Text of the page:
A lack of industrial composting facilities worldwide means the focus has been on recycling. Many bioplastics can be recycled. However, their specification and characteristics determine if they can be mixed or treated separately.
Only certain bioplastics can be recycled together with their oil-based equivalents, such as Polyethylene (PE) and Polyethylene Terephthalate (PET or PETE). Introducing biodegradable or compostable material to an incompatible recycling stream can create problems by potentially comprising the end recycled product.
All this demonstrates the vital importance of raising awareness among businesses and consumers. It shows the need for clear labelling regarding disposal, and improved systems for waste material recovery, sorting and separating.
Ref: European Bioplastics
How Essentra Components is helping
Many believe that recycling represents the best end-of-life option for most bioplastics. As a signatory of the European Commission’s Circular Plastics Alliance, Essentra Components is dedicated to increasing our use of recycled polymer raw materials. Our support will contribute to CPA’s aims to boost the European recycled plastics market to 10 million tonnes by 2025.
We have increased the percentage of post-consumer recycled plastics used in our low-density polyethylene (LDPE) product lines. And, while LDPE is the current focus, our aim is to incorporate more sustainable materials across the product portfolio. By 2025, at least 20% of material processed will be from more sustainable sources.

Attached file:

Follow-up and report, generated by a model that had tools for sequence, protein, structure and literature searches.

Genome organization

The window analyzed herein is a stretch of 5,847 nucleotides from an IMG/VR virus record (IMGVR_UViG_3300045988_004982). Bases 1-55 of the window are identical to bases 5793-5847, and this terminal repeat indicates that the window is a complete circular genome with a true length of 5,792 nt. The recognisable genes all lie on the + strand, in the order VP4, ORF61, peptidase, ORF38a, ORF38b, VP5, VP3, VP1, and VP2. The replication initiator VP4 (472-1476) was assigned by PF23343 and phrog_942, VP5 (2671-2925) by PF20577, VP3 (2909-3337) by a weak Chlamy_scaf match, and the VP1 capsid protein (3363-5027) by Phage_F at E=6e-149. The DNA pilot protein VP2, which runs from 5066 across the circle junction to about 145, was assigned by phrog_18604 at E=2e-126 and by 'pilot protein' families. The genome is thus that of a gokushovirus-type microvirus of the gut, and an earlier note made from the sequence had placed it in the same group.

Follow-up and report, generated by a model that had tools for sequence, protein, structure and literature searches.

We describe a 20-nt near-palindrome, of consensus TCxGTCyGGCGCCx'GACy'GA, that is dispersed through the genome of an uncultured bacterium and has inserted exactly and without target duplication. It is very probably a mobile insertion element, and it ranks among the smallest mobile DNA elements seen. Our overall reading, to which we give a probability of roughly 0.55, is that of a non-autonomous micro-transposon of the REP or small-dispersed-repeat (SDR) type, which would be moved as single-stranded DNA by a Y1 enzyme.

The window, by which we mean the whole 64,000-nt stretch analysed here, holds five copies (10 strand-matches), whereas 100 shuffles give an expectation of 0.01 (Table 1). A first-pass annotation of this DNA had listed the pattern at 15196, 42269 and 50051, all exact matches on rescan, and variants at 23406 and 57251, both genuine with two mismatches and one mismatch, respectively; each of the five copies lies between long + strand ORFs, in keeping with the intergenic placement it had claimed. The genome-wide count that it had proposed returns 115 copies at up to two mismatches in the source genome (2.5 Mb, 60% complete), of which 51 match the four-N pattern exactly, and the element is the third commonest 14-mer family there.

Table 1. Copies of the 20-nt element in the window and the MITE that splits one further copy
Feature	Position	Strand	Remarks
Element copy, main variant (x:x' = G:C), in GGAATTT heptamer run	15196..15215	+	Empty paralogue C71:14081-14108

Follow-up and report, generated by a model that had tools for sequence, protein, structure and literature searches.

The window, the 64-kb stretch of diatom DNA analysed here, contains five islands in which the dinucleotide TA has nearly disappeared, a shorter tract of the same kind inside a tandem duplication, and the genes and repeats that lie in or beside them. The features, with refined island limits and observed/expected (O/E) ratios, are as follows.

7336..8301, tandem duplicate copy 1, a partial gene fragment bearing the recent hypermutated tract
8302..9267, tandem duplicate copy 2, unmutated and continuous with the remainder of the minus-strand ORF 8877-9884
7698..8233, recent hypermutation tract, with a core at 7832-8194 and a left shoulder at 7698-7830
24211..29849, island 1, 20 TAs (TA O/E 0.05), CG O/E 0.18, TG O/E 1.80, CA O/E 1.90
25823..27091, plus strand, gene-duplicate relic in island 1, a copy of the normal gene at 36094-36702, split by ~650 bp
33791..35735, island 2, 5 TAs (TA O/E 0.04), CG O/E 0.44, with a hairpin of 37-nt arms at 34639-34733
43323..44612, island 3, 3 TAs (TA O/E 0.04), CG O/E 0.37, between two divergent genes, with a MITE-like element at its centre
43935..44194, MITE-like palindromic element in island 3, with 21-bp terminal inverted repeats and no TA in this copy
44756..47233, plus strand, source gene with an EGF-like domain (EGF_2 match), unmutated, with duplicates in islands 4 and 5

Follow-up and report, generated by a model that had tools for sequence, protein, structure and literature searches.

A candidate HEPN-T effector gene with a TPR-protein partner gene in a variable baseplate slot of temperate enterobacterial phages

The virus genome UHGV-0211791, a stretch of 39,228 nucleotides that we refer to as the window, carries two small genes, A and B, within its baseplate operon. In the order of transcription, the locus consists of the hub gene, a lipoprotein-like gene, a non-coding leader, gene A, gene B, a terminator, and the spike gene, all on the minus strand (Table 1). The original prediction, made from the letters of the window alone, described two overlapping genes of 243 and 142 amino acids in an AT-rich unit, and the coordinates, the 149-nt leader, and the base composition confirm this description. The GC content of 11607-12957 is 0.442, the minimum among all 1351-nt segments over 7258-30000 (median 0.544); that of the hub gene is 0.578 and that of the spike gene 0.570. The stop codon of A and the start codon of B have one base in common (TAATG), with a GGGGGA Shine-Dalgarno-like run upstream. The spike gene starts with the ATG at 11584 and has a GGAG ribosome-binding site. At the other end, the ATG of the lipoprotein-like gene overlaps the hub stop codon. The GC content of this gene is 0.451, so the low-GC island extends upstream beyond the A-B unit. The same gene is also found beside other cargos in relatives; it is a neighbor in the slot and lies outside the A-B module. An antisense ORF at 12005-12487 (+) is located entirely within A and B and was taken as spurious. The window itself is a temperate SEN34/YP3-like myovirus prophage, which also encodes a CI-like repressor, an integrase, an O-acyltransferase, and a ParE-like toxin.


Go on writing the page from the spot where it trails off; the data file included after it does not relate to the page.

What’s the future for bioplastics?
Like many environmental concerns, this is a nuanced, complex issue.
Plastic is lightweight, strong, transparent, waterproof, hygienic, and for many applications is the ideal material. That makes it almost impossible to remove the world’s use of it entirely.
Alternatives such as bioplastics have an important role to play. But producing it at the required volume and price-point to drive mainstream adoption will take time.
Still, mounting demand from industries such as electronics, pharmaceutical and transportation means the bioplastics market is likely to increase sharply. The introduction of legislation to minimise the production and consumption of plastic products is also likely to boost the bioplastics market and R&D.
For these reasons, bioplastics aren’t likely to be a short-term trend. Each different option regarding raw materials, their properties and waste management needs considering.